NAIROBI — Attacks by Al Qaeda-linked rebels have led to the suspension of food distributions in large swathes of Somalia, leaving one million people outside the relief net, the UN food agency said Tuesday.
"Rising threats and attacks on humanitarian operations, as well as the imposition of a string of unacceptable demands from armed groups, have made it virtually impossible for the World Food Programme (WFP) to continue reaching up to one million people in need in southern Somalia," it said in a statement.
"WFP's humanitarian operations in southern Somalia have been under escalating attacks from armed groups, leading to this virtual suspension of humanitarian food distribution in much of southern Somalia," it said.
Mired by almost uninterrupted civil conflict since the 1991 ouster of president Mohamed Siad Barre and plagued by recurring natural disasters, Somalia is often described as one of the world's worst humanitarian crisis.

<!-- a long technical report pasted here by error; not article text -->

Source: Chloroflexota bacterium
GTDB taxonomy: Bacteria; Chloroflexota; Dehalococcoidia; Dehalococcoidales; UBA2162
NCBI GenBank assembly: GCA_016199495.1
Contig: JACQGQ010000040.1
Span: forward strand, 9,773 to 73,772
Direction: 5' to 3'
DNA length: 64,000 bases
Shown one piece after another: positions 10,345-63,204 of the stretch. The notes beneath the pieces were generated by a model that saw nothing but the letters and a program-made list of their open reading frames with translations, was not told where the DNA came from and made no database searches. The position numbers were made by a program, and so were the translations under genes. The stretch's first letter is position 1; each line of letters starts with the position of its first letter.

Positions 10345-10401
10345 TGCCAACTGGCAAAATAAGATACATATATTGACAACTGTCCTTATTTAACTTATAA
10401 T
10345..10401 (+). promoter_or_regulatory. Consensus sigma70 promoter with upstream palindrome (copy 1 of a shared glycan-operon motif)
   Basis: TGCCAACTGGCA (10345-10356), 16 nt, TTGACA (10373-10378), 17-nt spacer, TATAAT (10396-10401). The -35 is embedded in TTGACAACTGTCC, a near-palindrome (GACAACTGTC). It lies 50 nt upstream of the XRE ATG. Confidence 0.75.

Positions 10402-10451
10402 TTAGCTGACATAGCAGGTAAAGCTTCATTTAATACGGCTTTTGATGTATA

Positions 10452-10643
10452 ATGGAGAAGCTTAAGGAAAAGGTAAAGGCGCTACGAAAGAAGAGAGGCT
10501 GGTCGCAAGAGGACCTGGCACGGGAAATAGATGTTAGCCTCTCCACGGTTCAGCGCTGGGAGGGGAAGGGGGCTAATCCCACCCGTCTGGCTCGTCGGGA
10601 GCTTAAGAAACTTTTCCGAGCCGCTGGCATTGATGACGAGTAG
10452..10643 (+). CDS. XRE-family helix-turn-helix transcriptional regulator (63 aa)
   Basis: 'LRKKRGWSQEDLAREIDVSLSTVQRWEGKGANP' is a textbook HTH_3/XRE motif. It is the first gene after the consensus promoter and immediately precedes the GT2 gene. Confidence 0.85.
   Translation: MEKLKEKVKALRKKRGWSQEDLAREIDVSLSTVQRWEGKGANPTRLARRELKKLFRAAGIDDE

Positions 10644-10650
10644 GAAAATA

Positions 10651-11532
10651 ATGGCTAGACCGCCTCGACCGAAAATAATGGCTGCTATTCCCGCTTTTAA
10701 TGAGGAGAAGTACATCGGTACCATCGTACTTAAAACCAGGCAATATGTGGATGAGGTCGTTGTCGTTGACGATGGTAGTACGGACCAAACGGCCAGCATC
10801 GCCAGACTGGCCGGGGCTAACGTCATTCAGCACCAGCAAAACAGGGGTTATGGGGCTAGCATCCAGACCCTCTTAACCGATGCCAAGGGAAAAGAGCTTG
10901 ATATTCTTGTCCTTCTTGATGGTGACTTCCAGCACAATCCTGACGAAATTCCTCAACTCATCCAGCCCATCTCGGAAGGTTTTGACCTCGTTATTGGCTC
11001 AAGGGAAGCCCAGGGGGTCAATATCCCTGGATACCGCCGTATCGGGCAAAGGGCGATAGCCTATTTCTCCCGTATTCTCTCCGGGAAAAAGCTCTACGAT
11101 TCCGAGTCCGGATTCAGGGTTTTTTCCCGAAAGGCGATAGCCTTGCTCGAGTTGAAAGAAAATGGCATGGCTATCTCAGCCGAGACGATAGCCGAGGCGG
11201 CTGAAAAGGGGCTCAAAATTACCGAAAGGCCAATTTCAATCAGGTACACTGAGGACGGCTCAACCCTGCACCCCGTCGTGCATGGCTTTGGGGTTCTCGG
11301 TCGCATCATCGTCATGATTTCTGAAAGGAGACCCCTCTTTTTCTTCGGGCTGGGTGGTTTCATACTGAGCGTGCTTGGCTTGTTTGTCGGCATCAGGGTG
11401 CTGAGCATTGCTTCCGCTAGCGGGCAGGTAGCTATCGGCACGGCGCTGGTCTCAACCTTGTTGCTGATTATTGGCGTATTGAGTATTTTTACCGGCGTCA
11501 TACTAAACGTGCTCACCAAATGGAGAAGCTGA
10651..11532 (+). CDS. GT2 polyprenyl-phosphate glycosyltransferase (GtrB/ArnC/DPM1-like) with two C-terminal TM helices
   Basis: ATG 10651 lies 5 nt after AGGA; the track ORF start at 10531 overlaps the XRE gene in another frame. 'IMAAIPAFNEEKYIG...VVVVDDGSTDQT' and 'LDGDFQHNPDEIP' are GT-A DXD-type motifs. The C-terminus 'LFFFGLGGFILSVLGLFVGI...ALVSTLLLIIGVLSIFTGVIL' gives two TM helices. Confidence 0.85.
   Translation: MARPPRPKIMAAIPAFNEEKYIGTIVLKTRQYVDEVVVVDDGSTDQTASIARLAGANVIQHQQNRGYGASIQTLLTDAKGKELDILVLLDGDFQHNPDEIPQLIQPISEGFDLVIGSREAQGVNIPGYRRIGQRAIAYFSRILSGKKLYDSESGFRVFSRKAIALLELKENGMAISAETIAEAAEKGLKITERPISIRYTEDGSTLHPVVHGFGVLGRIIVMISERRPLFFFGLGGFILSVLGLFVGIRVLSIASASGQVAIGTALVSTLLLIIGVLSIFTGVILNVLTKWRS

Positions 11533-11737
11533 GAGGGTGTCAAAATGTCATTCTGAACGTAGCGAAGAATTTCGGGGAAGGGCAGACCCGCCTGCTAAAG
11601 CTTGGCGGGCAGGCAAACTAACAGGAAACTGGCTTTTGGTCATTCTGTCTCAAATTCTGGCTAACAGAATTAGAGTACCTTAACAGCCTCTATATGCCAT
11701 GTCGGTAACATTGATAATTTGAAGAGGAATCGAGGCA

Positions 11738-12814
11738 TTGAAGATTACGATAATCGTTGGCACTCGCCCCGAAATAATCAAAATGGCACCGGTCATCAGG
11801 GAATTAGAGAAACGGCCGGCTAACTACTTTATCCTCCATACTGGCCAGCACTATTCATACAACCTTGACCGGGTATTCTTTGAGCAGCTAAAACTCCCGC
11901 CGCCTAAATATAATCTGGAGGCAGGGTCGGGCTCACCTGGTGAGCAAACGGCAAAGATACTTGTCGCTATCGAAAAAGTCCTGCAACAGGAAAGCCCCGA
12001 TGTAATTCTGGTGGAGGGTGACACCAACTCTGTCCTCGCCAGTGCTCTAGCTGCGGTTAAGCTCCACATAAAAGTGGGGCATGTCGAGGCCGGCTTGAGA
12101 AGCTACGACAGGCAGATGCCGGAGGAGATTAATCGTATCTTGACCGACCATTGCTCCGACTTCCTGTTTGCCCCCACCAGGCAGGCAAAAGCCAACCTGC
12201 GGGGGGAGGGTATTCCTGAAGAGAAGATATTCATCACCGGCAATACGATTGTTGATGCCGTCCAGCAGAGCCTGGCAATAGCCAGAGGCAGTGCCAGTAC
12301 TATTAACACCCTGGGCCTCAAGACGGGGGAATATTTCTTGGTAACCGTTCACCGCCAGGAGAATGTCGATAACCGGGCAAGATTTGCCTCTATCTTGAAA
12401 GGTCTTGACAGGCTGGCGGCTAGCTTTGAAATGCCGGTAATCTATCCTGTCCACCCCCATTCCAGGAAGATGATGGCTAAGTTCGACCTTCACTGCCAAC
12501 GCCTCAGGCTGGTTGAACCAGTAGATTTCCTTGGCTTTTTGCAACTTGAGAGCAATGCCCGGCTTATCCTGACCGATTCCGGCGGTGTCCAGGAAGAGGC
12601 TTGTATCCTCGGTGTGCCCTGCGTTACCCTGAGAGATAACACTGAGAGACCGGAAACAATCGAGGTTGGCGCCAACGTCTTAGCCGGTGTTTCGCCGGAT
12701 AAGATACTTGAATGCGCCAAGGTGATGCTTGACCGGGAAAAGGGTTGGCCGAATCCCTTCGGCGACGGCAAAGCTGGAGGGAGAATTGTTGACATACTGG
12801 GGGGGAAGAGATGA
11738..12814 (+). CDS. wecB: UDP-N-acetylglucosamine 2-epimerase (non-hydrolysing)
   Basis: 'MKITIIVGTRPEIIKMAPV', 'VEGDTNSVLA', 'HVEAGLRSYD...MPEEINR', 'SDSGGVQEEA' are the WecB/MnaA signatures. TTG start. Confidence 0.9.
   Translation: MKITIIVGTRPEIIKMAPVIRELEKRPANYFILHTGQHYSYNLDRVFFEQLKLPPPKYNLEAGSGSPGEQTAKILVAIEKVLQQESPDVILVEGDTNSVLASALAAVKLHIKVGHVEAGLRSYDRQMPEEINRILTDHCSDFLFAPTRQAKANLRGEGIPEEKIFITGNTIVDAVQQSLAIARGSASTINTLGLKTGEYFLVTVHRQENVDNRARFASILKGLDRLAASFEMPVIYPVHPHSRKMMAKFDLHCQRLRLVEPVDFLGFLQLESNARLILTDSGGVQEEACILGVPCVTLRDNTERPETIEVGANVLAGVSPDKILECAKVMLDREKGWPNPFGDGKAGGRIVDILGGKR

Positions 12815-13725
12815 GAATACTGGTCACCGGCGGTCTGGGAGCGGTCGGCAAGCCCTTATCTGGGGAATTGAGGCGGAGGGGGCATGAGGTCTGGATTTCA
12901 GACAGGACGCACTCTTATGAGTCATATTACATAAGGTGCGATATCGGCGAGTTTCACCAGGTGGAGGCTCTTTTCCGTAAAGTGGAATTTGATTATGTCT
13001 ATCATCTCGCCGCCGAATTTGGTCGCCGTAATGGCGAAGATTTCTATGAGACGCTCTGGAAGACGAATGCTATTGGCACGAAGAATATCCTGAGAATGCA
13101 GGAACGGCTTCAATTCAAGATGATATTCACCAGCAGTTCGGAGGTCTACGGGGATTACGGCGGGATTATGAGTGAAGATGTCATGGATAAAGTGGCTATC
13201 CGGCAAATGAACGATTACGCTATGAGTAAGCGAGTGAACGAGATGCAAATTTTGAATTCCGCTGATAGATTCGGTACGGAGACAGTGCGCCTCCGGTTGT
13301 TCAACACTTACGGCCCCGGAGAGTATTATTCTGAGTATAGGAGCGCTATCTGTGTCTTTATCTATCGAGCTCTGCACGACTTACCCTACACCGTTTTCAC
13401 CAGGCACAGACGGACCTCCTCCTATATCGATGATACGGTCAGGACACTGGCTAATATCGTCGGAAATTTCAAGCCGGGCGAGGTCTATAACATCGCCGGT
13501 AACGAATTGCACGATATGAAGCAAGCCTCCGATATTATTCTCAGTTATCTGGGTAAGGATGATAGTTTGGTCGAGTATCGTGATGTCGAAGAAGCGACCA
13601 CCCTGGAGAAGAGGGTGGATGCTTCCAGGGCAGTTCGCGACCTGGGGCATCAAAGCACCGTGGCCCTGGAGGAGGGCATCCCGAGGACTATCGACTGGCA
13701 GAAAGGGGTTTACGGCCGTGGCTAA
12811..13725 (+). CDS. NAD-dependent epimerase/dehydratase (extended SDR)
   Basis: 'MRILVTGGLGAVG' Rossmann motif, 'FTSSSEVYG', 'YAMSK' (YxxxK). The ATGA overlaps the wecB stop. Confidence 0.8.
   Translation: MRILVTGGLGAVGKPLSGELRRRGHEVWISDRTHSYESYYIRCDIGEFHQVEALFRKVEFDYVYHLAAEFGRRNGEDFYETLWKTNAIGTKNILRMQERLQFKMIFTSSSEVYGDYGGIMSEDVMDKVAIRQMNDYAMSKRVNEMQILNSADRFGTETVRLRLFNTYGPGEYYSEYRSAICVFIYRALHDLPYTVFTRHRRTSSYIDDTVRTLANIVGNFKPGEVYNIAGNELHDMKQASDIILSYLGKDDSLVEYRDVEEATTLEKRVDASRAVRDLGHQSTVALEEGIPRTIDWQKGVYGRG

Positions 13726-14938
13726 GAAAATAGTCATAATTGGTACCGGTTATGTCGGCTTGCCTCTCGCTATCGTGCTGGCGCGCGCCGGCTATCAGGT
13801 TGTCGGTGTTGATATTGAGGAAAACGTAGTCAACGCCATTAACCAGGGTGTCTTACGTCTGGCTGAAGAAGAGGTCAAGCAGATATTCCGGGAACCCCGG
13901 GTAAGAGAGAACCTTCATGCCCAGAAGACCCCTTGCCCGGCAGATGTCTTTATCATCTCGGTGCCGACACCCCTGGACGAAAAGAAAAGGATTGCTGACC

The radical Islamist insurgent group Shebab, whose leader last year proclaimed allegiance to Al Qaeda supremo Osama bin Laden, has overrun and looted several key UN compounds in southern Somalia in recent weeks.
The latest to have been overrun was in the southern town of Buale, which the WFP said was temporarily closed, together with the agency's offices in Wajid, Beledweyn and other major southern hubs.To read full AFP story — Go Here Now.
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